The Spanish Social Security system is very similar to the National Insurance in the UK, the object is to provide a pension at retirement (age 65+), the right to receive health care, unemployment benefits, sick pay, industrial injury compensation, invalidity, death benefits and maternity leave at what is deemed to be a sufficient level of assistance.
The benefits during unemployment and at retirement depend on the amount of contributions that have been made and of course there is a distinction between employed workers and self employed. Self employed do not benefit from unemployment, but they can have a second party time job as employees on which would give the benefit of unemployment.
If you are definitely intending to work and retire in Spain, you can apply to the DSS Overseas Dept. to get your UK benefits transferred over to Spain in order to increase your level of benefits. All family dependants will benefit from the health care even if they are not working.
If you are already claiming an unemployed jobseeker's allowance, a pension or certain other benefits at the time of leaving the UK, you may even be able to get these benefits transferred to Spain.
The largest part of contribution for the employed workers is made by the employer; the employee has his smaller contribution deducted from wages, whereas the self employed has to find his entire contribution.
Everyone working in Spain is expected to pay the corresponding amount of Social Security, including foreign nationals working in Spain. Whereas it is the responsibility of the employer to register his workers with the Department of Social Security it is the duty of the self employed to arrange this for themselves. Naturally this cannot be done without a NIE number, which needs to be obtained first. It is advisable to engage the services of a gestor to do this for you and be certain that it is done correctly and avoid errors that could result in the payment of fines.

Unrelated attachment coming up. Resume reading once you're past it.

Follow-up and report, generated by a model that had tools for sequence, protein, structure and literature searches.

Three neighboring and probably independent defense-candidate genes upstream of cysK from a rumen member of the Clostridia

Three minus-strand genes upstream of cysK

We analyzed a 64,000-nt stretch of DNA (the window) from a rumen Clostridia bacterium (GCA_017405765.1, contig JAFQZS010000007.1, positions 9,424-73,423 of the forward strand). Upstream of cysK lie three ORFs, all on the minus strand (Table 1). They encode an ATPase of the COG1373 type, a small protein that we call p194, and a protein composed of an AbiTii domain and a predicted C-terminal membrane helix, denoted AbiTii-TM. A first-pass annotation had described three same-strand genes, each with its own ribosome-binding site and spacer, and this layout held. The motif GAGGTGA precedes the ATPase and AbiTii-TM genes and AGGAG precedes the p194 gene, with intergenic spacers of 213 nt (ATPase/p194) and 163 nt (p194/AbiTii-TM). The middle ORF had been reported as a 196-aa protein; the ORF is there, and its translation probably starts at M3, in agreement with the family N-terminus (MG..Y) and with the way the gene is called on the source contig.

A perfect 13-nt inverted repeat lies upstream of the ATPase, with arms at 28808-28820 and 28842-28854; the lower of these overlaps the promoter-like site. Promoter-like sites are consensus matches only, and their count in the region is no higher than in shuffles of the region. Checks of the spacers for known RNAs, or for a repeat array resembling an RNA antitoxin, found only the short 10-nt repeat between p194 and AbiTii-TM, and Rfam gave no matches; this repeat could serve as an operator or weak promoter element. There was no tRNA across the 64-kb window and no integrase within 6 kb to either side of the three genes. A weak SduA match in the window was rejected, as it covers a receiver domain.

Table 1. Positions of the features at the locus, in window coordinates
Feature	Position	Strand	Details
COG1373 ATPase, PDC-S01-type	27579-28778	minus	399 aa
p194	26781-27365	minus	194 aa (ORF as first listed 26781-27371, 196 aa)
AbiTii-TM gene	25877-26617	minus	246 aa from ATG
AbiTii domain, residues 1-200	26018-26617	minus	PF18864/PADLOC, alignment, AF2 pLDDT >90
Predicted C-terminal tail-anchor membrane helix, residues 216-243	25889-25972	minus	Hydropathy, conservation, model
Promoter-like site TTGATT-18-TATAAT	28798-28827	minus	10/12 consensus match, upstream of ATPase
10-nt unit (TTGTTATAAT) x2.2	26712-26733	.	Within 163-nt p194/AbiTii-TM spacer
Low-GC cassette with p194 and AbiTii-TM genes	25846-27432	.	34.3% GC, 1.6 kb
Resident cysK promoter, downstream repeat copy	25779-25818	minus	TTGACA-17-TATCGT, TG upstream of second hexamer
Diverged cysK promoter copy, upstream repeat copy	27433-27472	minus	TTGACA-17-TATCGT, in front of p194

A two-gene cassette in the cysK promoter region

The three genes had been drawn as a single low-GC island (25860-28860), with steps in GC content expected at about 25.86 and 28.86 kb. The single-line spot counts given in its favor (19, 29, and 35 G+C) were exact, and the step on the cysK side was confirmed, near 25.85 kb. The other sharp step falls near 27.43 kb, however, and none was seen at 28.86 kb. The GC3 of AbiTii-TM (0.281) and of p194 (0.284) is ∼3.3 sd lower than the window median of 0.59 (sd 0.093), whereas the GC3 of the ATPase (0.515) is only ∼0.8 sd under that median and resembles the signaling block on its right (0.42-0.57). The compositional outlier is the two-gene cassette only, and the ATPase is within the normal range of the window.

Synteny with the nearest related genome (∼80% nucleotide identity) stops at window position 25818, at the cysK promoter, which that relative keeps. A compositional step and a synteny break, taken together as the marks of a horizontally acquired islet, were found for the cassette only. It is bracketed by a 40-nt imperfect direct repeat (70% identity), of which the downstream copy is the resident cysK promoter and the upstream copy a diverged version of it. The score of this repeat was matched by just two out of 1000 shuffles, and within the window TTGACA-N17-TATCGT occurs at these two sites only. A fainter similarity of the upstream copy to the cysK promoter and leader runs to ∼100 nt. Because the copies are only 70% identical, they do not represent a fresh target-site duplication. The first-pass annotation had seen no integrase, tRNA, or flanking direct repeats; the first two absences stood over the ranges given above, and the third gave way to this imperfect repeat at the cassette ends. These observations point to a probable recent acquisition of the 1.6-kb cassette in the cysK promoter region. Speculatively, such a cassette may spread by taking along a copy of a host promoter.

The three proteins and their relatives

The contributors can be summarised as follows:
3. Self Employed
The rate paid for employees, as paid by employers and employees, depends on the classification given to the type of job performed and the hours worked. Although the contributions paid by the self employed are geared to income and classification, there is a minimum level of contribution that must be paid even when income is zero (currently about ┬Ç250 per month).
Details of the Social Security system in Spain can be found at great length on the S.S. web page that is also available in English and other languages at www.seg-social.es, just click on the corresponding flag at the top right hand corner.
Anyone employed in Spain for a minimum of 6 months and losing his job under normal circumstances is entitled to unemployment benefit according to the level of contributions made. You are not entitled if you leave of your own free will. In 2008 the benefit for minimum contributions would have been ┬Ç750 per month.
If you have been in continuous employment for a minimum of six years, the maximum period during which you can receive the unemployment benefit is 2 years.
To claim unemployment one must register with INEM, the Unemployment Office, within 15 days of losing the job.
Workers who receive cash in hand for their services are not entitled to any of the benefits stated above, not even health care. Cash in hand is not advisable, especially if discovered by the authorities. Unless the employer is willing to register such workers as employees it is advisable that they consider registering themselves as self employed, not just to get the health care but to be able to work for a pension at retirement.